Although the principle of most stews are generally all pretty similar, they can have very different flavours and this one is not exception. I can honeslt say that it is a unique taste and I have never tasted anything like it. I do love trying new things and experimenting and to make something like this that was unlike anything that I have attempted before, was a great adventure.
Unfortunately I really had no idea where to get rabbit, so I ended up using chicken and pork, which I would hardly call adventurous. Regardless this culinary foray into the unknown was nonetheless distinctive in flavour. I don't know what it is about the recipe that makes it so different. Maybe it is the lack of herb, maybe the vinegar which i rarely use, but whatever it was it was an education to my palate. being of South African origin, and having lived in New Zealand and now Manchester, England, I have never, ever made anything that is from the South-Eastern of the US of A. When I was reading about the origins of the dish, I was fascinated by the 2 possible origins for the original and first ever Brunswick Stew. We may never know where exactly it came from but I know where its going, into my recipe book for future use.
In a very TV-chef like fasion I tried to be very organised with this recipe and prepped all my ingredients before-hand and put them into cute little bowls for ease and speed of constructing the final dish. It takes some time but it does make the cooking process much simpler and easier by doing all the prep ahead. I may work like this more often from now on. I did use pancetta in the recipe instead of the specified slab bacon as I could not find slab bacon on my shoppint trip and I thought pancetta would suffice, and it certainly did. My only other variatios were using pork instead of rabbit and using Adzuki beans instead of butterbeans. Although i would love to try cooking with it I did not know where to buy rabbit, and I've never been a huge fan of butterbeans so I used what I had in the cupboard.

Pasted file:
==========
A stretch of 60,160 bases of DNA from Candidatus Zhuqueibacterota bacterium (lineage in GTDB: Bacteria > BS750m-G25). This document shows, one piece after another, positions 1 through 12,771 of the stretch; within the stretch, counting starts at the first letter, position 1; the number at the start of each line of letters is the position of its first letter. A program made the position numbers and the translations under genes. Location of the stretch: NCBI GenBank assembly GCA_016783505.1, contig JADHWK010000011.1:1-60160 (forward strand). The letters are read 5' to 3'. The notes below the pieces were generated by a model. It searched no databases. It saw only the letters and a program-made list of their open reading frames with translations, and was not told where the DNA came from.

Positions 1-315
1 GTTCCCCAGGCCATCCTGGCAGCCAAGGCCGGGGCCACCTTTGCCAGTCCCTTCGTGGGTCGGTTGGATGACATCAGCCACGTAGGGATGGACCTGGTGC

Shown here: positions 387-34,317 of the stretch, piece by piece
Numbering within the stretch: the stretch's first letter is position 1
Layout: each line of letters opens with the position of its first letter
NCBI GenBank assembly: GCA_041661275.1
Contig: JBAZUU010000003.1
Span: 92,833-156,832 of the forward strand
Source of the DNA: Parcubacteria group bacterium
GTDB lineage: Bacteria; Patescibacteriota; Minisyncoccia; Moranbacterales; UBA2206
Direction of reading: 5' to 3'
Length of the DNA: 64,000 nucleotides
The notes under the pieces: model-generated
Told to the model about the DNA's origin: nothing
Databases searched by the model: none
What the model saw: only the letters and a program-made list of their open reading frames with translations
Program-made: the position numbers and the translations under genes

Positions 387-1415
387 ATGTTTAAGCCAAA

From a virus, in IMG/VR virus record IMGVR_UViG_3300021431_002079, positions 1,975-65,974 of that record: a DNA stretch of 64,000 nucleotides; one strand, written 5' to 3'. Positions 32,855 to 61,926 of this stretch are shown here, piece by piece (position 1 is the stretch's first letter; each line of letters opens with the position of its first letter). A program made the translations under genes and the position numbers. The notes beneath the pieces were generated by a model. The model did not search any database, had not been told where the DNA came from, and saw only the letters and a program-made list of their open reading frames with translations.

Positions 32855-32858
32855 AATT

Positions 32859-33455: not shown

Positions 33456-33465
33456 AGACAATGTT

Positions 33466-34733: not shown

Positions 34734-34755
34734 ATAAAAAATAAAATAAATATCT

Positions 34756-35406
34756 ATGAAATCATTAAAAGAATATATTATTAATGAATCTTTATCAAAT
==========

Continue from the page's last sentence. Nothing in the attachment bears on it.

The stew did take some time to make but it is a nice Sunday afternoon endeavour and the finished result tasted fabulous. Its also so verstaile that you could tweak and change it as you like to suite your taste. A definite keeper! Now bring on the next Daring Cooks Challenge!
Recipe One, the Long Way-
From “The Lee Bros. Southern Cookbook: Stories and Recipes for Southerners and Would-Be Southerners” by Matt Lee and Ted Lee
Serves about 12
1/4 lb / 113.88 grams / 4 oz slab bacon, rough diced
2 Serrano, Thai or other dried red chiles, stems trimmed, sliced, seeded, flattened
1lb / 455.52 grams / 16oz rabbit, quartered, skinned
1 4-5lb / 1822.08- 2277.6 grams / 64-80oz chicken, quartered, skinned, and most of the fat removed
1 Tablespoon / 14.235 grams / ½ oz sea salt for seasoning, plus extra to taste
2-3 quarts / 8-12 cups / 64.607-96.9oz Sunday Chicken Broth (recipe below)
2 Bay leaves
2 large celery stalks
2lbs / 911.04 grams / 32oz Yukon Gold potatoes, or other waxy type potatoes, peeled, rough diced
1 ½ cups / 344.88 grams / 12.114oz carrots (about 5 small carrots), chopped
3 ½ / 804.72 grams / 28.266oz cups onion (about 4 medium onions) chopped
2 cups / 459.84 grams / 16.152oz fresh corn kernels, cut from the cob (about 4 ears)
3 cups / 689.76 grams / 24.228oz butterbeans, preferably fresh (1 ¼ lbs) or defrosted frozen
1 35oz can / 996.45 grams / 4 cups whole, peeled tomatoes, drained
¼ cup / 57.48 grams / 2.019 oz red wine vinegar
Juice of 2 lemons
Tabasco sauce to taste